Although CCR2 is the known receptor for CCL2 in tissues , another molecule, the Duffy antigen receptor for chemokines (DARCs) mediates the interactions of CCL2, with erythrocytes and endothelial cells . Because DARC lacks completely the Asp-Arg-Tyr consensus motif in its second cytoplasmic loop, it cannot couple to G proteins and subsequent signaling pathways. Consequently, it has been grouped with two other heptahelical molecules, D6 and CCX-CKR, to form a family of atypical silent chemokine receptors . However, it has been recently demonstrated that DARC does not act as a decoy but instead supports chemokine activity and is required for optimal chemokine-induced leukocyte migration in vitro and in vivo .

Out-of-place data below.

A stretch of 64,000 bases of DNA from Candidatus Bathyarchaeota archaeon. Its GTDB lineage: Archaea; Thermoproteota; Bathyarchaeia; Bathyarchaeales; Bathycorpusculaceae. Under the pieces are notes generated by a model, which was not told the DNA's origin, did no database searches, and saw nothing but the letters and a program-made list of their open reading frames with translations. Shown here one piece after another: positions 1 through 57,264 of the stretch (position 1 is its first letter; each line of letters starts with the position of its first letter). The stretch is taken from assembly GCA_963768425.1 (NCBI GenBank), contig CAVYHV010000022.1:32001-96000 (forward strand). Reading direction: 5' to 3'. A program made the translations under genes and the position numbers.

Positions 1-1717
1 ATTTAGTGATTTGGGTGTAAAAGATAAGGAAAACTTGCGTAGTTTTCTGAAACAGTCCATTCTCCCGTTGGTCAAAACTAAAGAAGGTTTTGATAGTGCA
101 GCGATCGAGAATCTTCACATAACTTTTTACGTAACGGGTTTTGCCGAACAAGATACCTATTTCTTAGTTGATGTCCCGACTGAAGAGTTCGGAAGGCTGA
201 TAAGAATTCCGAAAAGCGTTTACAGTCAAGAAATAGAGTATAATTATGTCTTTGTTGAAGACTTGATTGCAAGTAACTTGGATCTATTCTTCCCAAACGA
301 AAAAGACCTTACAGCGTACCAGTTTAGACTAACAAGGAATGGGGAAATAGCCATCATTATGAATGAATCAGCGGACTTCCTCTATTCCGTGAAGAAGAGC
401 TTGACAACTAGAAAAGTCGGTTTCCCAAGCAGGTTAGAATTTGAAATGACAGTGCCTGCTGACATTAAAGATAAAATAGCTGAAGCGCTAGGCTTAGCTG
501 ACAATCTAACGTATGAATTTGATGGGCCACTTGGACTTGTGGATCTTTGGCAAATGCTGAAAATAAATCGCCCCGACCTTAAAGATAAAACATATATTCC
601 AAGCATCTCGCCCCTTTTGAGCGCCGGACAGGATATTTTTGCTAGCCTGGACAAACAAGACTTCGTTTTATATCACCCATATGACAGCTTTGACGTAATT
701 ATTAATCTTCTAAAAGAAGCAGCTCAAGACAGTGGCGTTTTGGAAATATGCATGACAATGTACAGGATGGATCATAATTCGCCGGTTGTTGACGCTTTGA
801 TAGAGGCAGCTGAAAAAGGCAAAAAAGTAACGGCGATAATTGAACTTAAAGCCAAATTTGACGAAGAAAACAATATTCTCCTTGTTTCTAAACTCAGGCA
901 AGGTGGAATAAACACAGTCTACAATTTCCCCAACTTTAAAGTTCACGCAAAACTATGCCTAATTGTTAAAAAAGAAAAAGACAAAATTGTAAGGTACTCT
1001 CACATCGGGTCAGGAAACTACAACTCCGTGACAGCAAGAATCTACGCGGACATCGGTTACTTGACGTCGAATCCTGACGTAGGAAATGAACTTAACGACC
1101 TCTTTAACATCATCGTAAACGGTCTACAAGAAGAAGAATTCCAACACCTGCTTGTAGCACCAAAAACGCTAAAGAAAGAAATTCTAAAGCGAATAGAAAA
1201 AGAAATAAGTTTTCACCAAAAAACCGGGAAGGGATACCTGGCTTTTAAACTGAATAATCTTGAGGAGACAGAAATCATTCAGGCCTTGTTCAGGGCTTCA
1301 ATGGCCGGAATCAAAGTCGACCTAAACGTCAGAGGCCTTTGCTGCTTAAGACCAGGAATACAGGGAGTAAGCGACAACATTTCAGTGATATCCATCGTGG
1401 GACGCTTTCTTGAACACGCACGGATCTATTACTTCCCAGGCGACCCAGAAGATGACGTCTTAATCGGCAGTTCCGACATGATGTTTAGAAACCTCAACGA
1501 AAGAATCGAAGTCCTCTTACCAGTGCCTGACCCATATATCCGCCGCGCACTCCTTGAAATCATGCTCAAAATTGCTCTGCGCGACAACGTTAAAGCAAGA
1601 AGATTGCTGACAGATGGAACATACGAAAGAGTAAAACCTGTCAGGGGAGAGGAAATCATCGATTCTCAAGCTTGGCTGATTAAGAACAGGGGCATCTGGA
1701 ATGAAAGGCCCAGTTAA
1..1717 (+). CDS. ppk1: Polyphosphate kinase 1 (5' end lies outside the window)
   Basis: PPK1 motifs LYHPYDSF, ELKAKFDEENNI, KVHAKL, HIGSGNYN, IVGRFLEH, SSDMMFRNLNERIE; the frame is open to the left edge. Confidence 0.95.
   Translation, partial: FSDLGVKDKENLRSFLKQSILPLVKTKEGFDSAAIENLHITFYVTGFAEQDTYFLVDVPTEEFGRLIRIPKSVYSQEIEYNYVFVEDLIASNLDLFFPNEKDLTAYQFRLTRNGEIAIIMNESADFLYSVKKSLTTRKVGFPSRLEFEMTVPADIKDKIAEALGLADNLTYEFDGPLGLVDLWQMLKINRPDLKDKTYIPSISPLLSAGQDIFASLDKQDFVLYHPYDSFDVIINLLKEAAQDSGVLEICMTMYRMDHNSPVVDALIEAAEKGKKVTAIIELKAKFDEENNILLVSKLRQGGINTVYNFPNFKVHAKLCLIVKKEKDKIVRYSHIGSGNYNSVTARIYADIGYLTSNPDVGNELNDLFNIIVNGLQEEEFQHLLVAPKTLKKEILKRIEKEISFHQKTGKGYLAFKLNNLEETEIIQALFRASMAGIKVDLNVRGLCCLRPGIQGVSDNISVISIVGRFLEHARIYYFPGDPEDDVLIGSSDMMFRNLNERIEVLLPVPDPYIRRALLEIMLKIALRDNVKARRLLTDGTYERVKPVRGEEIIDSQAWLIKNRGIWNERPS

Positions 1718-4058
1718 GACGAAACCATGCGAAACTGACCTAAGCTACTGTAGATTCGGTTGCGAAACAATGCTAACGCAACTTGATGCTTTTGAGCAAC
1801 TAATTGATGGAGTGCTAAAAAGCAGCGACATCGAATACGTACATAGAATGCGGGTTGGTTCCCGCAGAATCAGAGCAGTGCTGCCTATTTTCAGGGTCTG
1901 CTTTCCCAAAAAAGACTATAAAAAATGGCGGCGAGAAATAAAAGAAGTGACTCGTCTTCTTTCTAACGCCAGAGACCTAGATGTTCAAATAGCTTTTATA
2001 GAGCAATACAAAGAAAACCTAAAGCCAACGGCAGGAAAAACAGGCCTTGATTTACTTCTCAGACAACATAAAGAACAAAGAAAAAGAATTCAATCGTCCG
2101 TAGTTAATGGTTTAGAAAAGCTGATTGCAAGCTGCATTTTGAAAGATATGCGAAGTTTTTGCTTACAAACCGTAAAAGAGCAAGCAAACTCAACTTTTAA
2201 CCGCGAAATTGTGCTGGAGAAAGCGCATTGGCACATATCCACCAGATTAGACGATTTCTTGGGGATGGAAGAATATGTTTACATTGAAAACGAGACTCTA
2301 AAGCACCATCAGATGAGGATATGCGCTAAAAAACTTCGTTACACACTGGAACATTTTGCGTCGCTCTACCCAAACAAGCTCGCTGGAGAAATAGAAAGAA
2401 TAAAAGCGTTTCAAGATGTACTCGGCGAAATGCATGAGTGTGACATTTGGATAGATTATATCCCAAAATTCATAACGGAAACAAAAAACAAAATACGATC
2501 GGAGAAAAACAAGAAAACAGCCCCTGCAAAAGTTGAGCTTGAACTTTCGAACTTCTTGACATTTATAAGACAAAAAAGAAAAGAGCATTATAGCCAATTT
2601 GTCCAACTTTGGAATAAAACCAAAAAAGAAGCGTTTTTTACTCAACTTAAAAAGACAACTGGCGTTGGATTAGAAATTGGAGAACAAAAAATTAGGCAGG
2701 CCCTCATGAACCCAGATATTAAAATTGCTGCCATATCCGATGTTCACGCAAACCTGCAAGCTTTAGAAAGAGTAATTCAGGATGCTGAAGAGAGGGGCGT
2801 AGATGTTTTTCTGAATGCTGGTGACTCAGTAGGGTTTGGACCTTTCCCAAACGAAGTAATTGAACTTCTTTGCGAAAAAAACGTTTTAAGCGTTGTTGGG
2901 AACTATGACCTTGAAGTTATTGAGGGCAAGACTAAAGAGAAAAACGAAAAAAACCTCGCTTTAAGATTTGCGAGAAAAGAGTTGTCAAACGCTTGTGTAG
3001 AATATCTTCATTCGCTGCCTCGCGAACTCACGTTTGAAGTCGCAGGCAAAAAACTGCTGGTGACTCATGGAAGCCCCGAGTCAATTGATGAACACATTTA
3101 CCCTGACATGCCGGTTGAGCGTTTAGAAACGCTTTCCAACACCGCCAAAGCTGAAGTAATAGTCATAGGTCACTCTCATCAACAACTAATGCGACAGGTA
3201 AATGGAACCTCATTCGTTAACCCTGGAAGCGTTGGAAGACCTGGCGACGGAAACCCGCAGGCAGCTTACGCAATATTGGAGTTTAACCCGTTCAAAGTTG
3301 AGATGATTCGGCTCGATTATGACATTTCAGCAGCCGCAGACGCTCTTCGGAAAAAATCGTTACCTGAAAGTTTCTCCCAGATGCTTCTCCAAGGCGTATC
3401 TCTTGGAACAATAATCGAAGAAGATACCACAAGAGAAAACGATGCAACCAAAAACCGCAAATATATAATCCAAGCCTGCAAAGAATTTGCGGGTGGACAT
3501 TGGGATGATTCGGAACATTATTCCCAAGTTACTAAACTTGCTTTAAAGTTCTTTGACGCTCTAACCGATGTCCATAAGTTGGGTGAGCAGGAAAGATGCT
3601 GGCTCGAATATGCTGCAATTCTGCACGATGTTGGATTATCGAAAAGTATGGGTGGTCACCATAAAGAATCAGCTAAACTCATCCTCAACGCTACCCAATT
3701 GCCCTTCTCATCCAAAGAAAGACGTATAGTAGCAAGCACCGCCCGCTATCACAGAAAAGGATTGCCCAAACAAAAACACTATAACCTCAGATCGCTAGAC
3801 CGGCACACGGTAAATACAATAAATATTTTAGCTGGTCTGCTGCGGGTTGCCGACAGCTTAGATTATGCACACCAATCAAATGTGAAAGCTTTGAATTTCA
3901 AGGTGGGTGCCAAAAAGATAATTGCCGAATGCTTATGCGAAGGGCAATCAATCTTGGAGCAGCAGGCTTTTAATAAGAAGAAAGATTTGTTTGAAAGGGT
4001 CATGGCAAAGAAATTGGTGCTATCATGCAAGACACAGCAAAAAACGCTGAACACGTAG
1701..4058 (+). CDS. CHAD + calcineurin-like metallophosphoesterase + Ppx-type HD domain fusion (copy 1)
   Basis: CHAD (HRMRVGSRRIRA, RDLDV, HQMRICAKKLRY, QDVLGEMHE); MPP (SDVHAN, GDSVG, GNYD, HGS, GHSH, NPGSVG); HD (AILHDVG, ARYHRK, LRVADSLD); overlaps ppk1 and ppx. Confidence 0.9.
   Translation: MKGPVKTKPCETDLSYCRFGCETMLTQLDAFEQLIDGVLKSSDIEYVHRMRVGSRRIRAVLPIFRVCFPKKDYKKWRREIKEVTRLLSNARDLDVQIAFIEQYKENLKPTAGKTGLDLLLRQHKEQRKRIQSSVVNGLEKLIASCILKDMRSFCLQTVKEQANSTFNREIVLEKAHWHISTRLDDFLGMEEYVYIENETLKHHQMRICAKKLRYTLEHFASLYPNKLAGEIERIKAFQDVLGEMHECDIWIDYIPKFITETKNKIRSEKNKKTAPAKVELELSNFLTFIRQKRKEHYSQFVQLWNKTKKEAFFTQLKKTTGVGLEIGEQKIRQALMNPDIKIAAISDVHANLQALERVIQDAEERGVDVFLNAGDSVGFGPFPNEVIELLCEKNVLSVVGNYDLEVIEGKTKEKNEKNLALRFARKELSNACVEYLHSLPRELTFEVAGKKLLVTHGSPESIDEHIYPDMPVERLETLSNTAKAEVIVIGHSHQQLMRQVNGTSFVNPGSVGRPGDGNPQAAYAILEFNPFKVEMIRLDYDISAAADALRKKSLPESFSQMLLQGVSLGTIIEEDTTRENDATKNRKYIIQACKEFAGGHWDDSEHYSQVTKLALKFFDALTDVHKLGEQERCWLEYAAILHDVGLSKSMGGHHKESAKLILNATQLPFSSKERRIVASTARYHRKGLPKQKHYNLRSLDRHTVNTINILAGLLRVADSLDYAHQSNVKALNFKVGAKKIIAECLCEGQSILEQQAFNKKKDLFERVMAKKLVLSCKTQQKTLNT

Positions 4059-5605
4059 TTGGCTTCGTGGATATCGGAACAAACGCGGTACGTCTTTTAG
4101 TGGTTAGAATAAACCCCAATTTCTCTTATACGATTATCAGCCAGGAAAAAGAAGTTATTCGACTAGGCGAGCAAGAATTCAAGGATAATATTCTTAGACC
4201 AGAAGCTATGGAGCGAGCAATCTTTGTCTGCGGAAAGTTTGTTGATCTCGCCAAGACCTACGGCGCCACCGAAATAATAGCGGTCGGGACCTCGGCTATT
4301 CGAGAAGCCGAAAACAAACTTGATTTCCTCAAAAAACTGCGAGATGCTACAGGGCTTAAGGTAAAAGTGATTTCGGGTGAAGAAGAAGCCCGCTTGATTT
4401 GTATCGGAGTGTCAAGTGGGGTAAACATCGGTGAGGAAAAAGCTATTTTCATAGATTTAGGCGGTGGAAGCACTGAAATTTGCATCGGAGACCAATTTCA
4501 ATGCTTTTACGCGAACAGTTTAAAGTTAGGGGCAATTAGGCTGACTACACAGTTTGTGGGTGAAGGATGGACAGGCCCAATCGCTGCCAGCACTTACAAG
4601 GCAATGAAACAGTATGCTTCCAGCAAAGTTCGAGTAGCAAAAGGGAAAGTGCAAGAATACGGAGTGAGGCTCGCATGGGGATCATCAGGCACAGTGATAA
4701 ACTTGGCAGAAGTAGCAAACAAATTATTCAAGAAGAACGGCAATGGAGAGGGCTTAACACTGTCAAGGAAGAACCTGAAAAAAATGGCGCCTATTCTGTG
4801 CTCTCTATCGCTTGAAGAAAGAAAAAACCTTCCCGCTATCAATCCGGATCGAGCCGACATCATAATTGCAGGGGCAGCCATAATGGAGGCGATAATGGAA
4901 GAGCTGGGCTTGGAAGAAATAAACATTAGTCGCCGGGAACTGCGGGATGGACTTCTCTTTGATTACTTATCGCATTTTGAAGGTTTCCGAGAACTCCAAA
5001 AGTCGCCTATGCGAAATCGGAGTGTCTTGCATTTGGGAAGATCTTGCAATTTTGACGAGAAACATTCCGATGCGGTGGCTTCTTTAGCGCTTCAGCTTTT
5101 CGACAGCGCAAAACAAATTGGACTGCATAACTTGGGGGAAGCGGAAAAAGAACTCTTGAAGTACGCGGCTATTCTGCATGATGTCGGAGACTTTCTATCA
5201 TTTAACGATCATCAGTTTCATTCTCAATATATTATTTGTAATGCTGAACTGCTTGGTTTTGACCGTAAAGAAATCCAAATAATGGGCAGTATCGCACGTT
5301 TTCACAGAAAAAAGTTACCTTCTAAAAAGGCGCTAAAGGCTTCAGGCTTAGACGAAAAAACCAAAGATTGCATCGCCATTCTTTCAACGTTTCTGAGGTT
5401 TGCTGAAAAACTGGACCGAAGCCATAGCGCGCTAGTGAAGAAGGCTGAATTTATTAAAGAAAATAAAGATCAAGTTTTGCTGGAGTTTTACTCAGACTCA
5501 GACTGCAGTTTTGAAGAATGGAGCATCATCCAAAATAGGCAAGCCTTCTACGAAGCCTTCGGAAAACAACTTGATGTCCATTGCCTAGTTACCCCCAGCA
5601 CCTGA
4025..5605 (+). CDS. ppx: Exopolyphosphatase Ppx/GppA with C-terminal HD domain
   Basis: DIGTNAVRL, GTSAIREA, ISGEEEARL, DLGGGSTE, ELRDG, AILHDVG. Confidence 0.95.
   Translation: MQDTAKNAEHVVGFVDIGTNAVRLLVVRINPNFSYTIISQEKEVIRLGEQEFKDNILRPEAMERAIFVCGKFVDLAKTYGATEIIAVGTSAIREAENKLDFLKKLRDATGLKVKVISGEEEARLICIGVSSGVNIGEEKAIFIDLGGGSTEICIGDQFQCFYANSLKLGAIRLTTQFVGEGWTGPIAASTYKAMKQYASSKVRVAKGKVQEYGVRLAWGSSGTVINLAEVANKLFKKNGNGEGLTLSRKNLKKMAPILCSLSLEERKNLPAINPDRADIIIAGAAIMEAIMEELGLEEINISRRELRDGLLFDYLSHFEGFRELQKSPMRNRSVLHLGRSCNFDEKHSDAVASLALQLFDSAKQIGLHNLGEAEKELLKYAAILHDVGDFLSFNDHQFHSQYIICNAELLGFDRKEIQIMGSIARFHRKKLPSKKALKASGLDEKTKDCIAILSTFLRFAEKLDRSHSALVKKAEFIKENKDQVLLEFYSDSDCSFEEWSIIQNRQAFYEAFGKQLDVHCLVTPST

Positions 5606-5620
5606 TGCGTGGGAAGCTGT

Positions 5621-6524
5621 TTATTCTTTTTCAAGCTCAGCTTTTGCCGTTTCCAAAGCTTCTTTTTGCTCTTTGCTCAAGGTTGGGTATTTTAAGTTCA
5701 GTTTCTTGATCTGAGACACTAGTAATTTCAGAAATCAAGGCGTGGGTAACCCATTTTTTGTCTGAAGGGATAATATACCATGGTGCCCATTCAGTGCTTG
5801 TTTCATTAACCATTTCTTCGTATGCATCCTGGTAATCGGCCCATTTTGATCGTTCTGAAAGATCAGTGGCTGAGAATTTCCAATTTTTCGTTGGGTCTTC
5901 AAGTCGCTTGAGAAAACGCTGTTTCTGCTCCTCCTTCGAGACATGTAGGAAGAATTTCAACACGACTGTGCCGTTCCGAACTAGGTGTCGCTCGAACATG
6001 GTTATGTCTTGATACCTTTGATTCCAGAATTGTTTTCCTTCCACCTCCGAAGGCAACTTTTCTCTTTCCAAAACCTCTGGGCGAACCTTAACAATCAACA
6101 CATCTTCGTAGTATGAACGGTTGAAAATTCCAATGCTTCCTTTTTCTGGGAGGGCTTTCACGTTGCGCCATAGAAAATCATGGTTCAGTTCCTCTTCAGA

Several single nucleotide polymorphisms (SNPs) in the CCL2 gene have been reported to be related to blood concentrations of CCL2, but only rs1024611 (−2518 A/G) has been clinically replicated . To identify the genetic basis of circulating CCL2 concentrations, a recent genome-wide association analysis has been conducted in three independent cohorts and the strongest association was for serum CCL2 with a nonsynonymous polymorphism, rs12075 (Asp42Gly) in DARC, indicating a possible role of vascular reservoir of pro-inflammatory cytokines. This association was supported by family-based genetic linkage at a locus encompassing the DARC gene underscoring the relevance of CCL2 pathophysiology for a broad spectrum of diseases .